A founding member of the Coasters, Gardner was also lead singer of the R&B group, whose hits included “Yakety Yak,” “Charlie Brown” and “Poison Ivy.” Above, Gardner, left, with Earl Carroll, Billy Guy and Will Jones. He was 83. Full obituary

Notable deaths of 2010 (Gilles Petard / Redferns)
Gil Scott-Heron
The singer and poet “set the template’"for rap music. He combined social and political commentary with spoken words and musical grooves in ‘The Revolution Will Not Be Televised’ and other songs. He was 62. Full obituary

Notable deaths of 2010 (Mischa Richter)
Arthur Laurents
The playwright and Broadway director, who won two Tony Awards, wrote the books for the classic Broadway musicals “West Side Story” and “Gypsy.” His screen credits include “The Way We Were” and “Rope.” He was believed to be 93. Full obituary

Notable film and television deaths of 2010  ()
Phoebe Snow
The singer gained fame with her 1974 hit, “Poetry Man.” She received wide acclaim for her self-titled album, which showed off her multi-octave range and musical versatility. She had suffered a brain hemorrhage in January 2010. She was 60. Full obituary

Notable deaths of 2010 (Michael Ochs Archives / Getty Images)
Hazel Dickens
Raised in poverty in the West Virginia coal country, she formed a popular bluegrass singing duo with Alice Gerrard before continuing as a solo artist. She was a lifelong advocate for miners, the poor and women, causes that were infused into her music. She was 75. Full obituary

Notable deaths of 2010 (Tom Hindman)
Ralph Mooney
The influential steel guitarist played with Buck Owens, Waylon Jennings and Merle Haggard. He was one of the architects of the “Bakersfield sound” of country music, a louder, more rhythmically propulsive version of the music coming out of Nashville in the ‘50s. He co-wrote the hit “Crazy Arms,” which became a No. 1 hit in 1956. He was 82. Full obituary

Notable deaths of 2010 (Michael Manning)
Ferlin Husky
The entertainer who came out of Bakersfield helped open doors for a California strain of country music. He charted more than 50 country hits from the 1950s to the 1970s. He created the template for the Nashville Sound, according to one music historian. He was 85. Full obituary

Notable deaths of 2010 (File photo)
Nate Dogg
The West Coast rapper created the blend of singing-rapping known as G-funk. Born Nathaniel D. Hale in Long Beach, he gained attention for two tracks on Dr. Dre‘s 1992 debut “The Chronic.” He lent his baritone vocals to hits by Dr. Dre, Snoop Dogg and Warren G and earned a Grammy nomination for the track “Regulate” in 1995. He was 41. Full obituary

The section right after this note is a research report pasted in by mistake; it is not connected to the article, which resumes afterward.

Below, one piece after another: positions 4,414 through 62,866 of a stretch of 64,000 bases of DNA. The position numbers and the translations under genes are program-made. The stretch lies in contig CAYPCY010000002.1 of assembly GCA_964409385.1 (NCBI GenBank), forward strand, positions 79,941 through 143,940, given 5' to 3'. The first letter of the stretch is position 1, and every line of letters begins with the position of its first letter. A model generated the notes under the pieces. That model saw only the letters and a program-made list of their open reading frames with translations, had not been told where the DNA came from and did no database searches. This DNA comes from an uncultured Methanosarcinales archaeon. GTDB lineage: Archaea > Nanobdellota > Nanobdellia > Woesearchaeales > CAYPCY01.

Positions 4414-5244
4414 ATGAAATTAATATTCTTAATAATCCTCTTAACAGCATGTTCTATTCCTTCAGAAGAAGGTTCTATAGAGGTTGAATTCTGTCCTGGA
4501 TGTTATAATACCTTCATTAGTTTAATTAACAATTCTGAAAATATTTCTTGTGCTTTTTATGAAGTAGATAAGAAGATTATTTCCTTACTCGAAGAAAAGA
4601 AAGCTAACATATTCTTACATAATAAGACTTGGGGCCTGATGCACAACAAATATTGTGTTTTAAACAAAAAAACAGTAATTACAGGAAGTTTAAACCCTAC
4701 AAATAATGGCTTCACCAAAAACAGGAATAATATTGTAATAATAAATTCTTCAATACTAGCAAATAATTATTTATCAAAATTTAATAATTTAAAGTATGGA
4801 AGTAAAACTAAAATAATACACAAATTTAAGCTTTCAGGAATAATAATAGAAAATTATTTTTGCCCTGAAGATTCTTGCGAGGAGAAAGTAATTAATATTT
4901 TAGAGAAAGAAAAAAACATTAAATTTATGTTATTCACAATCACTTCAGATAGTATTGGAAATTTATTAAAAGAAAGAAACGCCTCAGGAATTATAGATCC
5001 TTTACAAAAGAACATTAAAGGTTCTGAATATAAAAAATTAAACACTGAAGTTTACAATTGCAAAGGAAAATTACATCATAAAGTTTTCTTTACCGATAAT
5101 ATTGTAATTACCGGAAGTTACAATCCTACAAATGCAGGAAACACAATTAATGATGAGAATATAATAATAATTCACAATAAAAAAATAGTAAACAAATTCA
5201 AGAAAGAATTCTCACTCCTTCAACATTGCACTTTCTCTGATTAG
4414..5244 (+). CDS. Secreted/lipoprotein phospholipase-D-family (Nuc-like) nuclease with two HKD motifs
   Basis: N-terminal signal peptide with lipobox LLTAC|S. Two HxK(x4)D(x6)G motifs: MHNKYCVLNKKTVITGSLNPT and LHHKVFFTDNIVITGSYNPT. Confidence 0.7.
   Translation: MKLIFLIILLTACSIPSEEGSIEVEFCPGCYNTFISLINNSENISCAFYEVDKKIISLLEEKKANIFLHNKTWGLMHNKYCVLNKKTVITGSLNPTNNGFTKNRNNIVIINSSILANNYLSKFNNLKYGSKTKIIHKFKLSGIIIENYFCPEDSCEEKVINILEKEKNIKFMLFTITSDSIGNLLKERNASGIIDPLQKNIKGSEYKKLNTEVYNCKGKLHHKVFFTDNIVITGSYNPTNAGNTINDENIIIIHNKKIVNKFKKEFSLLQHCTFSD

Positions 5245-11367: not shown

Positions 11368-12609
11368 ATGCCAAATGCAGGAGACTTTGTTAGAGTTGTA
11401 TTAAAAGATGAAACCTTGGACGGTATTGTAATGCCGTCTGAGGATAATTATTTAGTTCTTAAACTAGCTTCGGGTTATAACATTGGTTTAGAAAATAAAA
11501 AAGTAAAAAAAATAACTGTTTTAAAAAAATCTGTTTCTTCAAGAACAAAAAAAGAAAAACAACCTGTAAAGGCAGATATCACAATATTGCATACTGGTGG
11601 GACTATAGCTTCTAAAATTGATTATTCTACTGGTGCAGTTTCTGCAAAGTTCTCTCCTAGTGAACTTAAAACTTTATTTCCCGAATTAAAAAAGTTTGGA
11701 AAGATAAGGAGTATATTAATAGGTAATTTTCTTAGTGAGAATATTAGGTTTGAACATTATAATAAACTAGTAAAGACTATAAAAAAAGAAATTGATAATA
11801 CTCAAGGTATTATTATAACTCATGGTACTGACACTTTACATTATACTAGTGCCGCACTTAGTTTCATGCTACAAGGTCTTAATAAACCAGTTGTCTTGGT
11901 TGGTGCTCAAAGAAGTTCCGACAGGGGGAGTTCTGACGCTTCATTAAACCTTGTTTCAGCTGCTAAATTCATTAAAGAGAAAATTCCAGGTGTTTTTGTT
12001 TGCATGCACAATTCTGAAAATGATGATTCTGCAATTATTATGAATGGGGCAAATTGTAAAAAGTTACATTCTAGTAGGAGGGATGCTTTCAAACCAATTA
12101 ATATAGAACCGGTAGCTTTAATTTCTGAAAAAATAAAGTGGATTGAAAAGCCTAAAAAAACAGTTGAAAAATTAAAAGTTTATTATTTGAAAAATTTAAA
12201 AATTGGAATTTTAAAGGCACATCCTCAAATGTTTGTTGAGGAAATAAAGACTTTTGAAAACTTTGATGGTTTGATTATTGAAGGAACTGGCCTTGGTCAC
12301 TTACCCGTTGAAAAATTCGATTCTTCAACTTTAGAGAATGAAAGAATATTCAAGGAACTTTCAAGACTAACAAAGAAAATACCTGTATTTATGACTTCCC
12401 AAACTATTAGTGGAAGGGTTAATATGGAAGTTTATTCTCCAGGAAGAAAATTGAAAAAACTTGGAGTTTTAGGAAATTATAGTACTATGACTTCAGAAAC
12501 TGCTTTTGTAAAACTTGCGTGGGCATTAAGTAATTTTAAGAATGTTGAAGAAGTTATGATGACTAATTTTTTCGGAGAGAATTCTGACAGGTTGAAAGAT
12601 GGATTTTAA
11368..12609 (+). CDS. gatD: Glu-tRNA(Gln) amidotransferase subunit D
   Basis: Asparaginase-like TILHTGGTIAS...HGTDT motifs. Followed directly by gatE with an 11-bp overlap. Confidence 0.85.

Notable deaths of 2010 ()
Suze Rotolo
She dated Bob Dylan for four transformative years and wrote an acclaimed book about Greenwich Village in the ‘60s. The cover of “The Freewheelin’ Bob Dylan” shows the couple walking arm-in-arm. She was 67. Full obituary

Notable deaths of 2010 (Columbia)
George Shearing
George Shearing, a top British jazz pianist, came to the U.S. in 1946, then hit on a musical formula that established him in the jazz world and made him one of its leading artists for half a century. Above, Shearing at a party with Lynn Redgrave in 1968. He was 91. Full obituary (Richard Drew)
John Barry
The composer won five Oscars for films such as “Born Free” and “Out of Africa” and scored Bond films including “Goldfinger,” “Diamonds Are Forever” and “From Russia With Love.” His work on the Bond franchise put him in the forefront of music composers. He was 77. Full obituary

Notable film and television deaths of 2010  (Dave Hogan / Getty Images)
Gladys Horton
Horton sang “Please Mr. Postman” with the Marvelettes. She was just 15 when she recorded Motown Records’ first No. 1 pop single in 1961. The group had six top 20 singles, including “Beachwood 4-5789,” “Don’t Mess With Bill” and “Playboy.” Horton is pictured above, at left, with Katherine Anderson and Wanda Young of the Marvelettes. She was 65. Full obituary (Motown archive)
Charlie Louvin
With his brother and singing partner Ira, Charlie Louvin created a harmonizing sound that inspired the likes of the Everly Brothers, the Beatles, Emmylou Harris and successive generations of musicians. He was 83. Full obituary  (Tennessean)
Don Kirshner
Don Kirshner guided the careers of songwriters, launched the Monkees and introduced TV audiences to an array of musicians and comics through his show in the 1970s. He was 76. Full obituary

Notable film and television deaths of 2010  (Joshua Prezan t/ Washington Post)
Margaret Whiting
In a career that spanned seven decades, Margaret Whiting, who was mentored by Johnny Mercer, recorded more than 700 songs, including “That Old Black Magic” and “Come Rain or Come Shine,” and had a dozen gold records. She was 86. Full obituary (File photo)